“Tahiti,” Friend, Sept. 1974, inside back cover
Halfway between the continents of South America and Australia in the South Pacific Ocean, you will see on a large map 14 small specks. These are the Society Islands and Tahiti is one of these islands.
Tahiti is famous for its natural beauty of mountains, waterfalls, beaches, and warm sunshiny climate. From the air Tahiti looks like an hourglass with an inactive volcanic cone at each end. The island is 38 miles long and is completely surrounded by a coral reef.
Rice, sugar cane, coconuts, and fruits such as bananas and oranges grow well in Tahiti because of the fertile volcanic soil. Coconuts are particularly valuable to the Tahitians (see page 25.)
An important industry in Tahiti is pearl diving. Oysters, which sometimes contain pearls, live in the lagoons, and the divers go to depths of 100 to 125 feet to seek the valuable jewels. Beautiful mother-of-pearl, shells grown by oysters and abalone, are also gathered to be made into jewelry and other items. These colorful shells average about eight to ten inches in diameter.
The island people love the out-of-doors and spend most of their time fishing, swimming, and hiking. The Tahitian children are taught to weave hats and mend fish nets. They enjoy playing soccer and have a special love and talent for music.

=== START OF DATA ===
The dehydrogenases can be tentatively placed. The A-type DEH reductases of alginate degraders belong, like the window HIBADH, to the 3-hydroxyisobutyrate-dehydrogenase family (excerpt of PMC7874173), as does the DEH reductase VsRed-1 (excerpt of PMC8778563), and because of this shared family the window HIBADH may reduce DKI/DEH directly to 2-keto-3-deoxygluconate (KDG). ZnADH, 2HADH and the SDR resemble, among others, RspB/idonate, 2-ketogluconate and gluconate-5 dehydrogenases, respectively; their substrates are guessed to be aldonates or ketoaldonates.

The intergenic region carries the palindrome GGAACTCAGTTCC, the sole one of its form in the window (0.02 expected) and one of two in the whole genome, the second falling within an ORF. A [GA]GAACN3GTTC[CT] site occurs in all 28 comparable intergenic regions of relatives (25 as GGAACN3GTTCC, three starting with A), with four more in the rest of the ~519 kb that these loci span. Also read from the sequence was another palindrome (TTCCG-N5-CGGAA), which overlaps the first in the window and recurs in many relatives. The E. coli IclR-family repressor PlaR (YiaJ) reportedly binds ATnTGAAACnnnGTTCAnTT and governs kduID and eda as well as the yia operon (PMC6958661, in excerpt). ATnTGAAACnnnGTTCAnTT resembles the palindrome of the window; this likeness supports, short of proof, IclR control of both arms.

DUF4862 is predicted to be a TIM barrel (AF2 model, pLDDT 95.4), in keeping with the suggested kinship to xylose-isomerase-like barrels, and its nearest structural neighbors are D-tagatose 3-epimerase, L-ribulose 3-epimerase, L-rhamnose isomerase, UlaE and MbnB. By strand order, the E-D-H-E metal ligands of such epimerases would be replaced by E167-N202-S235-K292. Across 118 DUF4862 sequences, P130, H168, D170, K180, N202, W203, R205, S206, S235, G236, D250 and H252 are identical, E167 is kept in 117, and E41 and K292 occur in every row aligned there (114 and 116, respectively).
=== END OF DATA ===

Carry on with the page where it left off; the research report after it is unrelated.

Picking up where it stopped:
Because of the warm and friendly nature of the Tahitians, they like to be in large groups. They often gather for feasts of fish, poi, pork, and fruits. After eating they dance to the lively music of guitars or ukuleles.
The Society Islands belong to France and most of the people speak French, Tahitian, or Chinese.
On April 30, 1843, Noah Rogers and Benjamin F. Grouard stepped down from a sailing ship onto the island of Tahiti. The two young men were part of the first group of Latter-day Saint missionaries who were sent to foreign lands to preach the gospel.
These missionaries knew nothing of the native Tahitian language and had no friends on the island, but they trusted in our Father in heaven and knew He would help them. Many of the native people accepted the Book of Mormon and the Church grew quickly with the arrival of more missionaries.
Working together and making great sacrifices, chapels were built as the Church membership increased. The chapels were made out of rock and lime taken from the ocean. Divers gathered the rocks for building from the ocean floor and hauled them for miles in canoes and boats. The lime was burned in pits on ironwood fires. The wood for the window and door frames was cut and smoothed by hand—the only power used on the islands.
Church programs for the young people have been especially successful. In many branches the boys and girls often furnish all of the talks and musical numbers for sacrament meetings. They have always been willing and anxious to take part.
When a boat docks at Tahiti, the Church members frequently give a show for the visitors to raise money as a service project. Everyone, including the youngest children, sings Tahitian songs and dances to the delight of those who visit this beautiful island.